I recently discovered the joy of applying textures and overlays to pictures in Photoshop. Oh my, what fun! Now I know why some blogs have such stunning pictures… postprocessing, baby, it’s the answer to all things.
A texture is just another picture that you layer on top of your own picture, then decrease the opacity of so that your original picture shows through. Sometimes they are just a solid color that adds an emotional aura to the picture; sometimes they mimic the dark edges and blots of a daguerreotype or viewfinder; sometimes they have the texture of linen or canvas.
There are many, many free textures available on the web. Google “free textures” or search for the phrase on Flickr; you will find far more than you can sort through and use. My favorites freebies come from Les Brumes, on Flickr. There are also ones to buy, of course. Like many of the people interested in textures, I have found that the $40 set sold by Florabella are exceptionally good and exceptionally usable. I could probably keep myself occupied with only hers, and they are definitely my go-tos for the beginning stages of photo processing.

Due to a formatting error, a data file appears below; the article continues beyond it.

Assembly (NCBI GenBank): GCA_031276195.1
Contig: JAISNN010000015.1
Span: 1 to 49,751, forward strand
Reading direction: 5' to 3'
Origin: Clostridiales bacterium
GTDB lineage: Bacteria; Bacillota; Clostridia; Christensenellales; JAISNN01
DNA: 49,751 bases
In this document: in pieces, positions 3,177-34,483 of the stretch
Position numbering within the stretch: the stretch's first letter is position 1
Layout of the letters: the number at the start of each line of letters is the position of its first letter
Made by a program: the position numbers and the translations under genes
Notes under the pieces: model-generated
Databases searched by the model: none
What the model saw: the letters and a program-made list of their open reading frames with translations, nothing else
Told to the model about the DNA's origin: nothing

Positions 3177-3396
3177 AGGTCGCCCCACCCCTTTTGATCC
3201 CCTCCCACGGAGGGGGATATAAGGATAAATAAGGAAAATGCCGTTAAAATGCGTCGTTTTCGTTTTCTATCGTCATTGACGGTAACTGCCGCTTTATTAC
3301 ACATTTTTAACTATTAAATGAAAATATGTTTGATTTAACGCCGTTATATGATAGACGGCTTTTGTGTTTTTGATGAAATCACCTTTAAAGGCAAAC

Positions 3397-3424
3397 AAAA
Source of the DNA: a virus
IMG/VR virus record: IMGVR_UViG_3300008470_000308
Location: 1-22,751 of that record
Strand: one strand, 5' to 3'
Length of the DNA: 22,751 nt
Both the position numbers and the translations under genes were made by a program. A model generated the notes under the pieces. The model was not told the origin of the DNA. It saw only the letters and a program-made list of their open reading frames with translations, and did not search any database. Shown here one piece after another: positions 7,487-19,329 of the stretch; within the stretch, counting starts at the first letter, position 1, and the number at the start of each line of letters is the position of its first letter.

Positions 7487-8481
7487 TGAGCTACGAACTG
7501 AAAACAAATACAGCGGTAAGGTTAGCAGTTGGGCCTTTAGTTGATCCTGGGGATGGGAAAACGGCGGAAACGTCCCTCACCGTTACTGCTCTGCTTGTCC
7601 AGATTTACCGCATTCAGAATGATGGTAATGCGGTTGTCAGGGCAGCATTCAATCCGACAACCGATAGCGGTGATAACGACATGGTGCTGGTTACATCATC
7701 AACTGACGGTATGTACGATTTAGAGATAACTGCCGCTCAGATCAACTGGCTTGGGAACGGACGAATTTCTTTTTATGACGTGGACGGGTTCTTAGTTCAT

There are also tutorials all over the web. Any Flickr group dedicated to textures will have them; you can also google “textures tutorial” to find a plethora of information. The basic process, though, is to size one or both pictures so they fit each other, paste the texture onto a layer above your photograph, change the layer’s mode (usually to Overlay, which creates the most subtle effect), then play with the opacity.
Textures are a great way to enhance already-good photographs, and also as I am finding as I scan in decades-old family slides, pictures, and photo negatives, a way to rescue images that have already begun to deteriorate.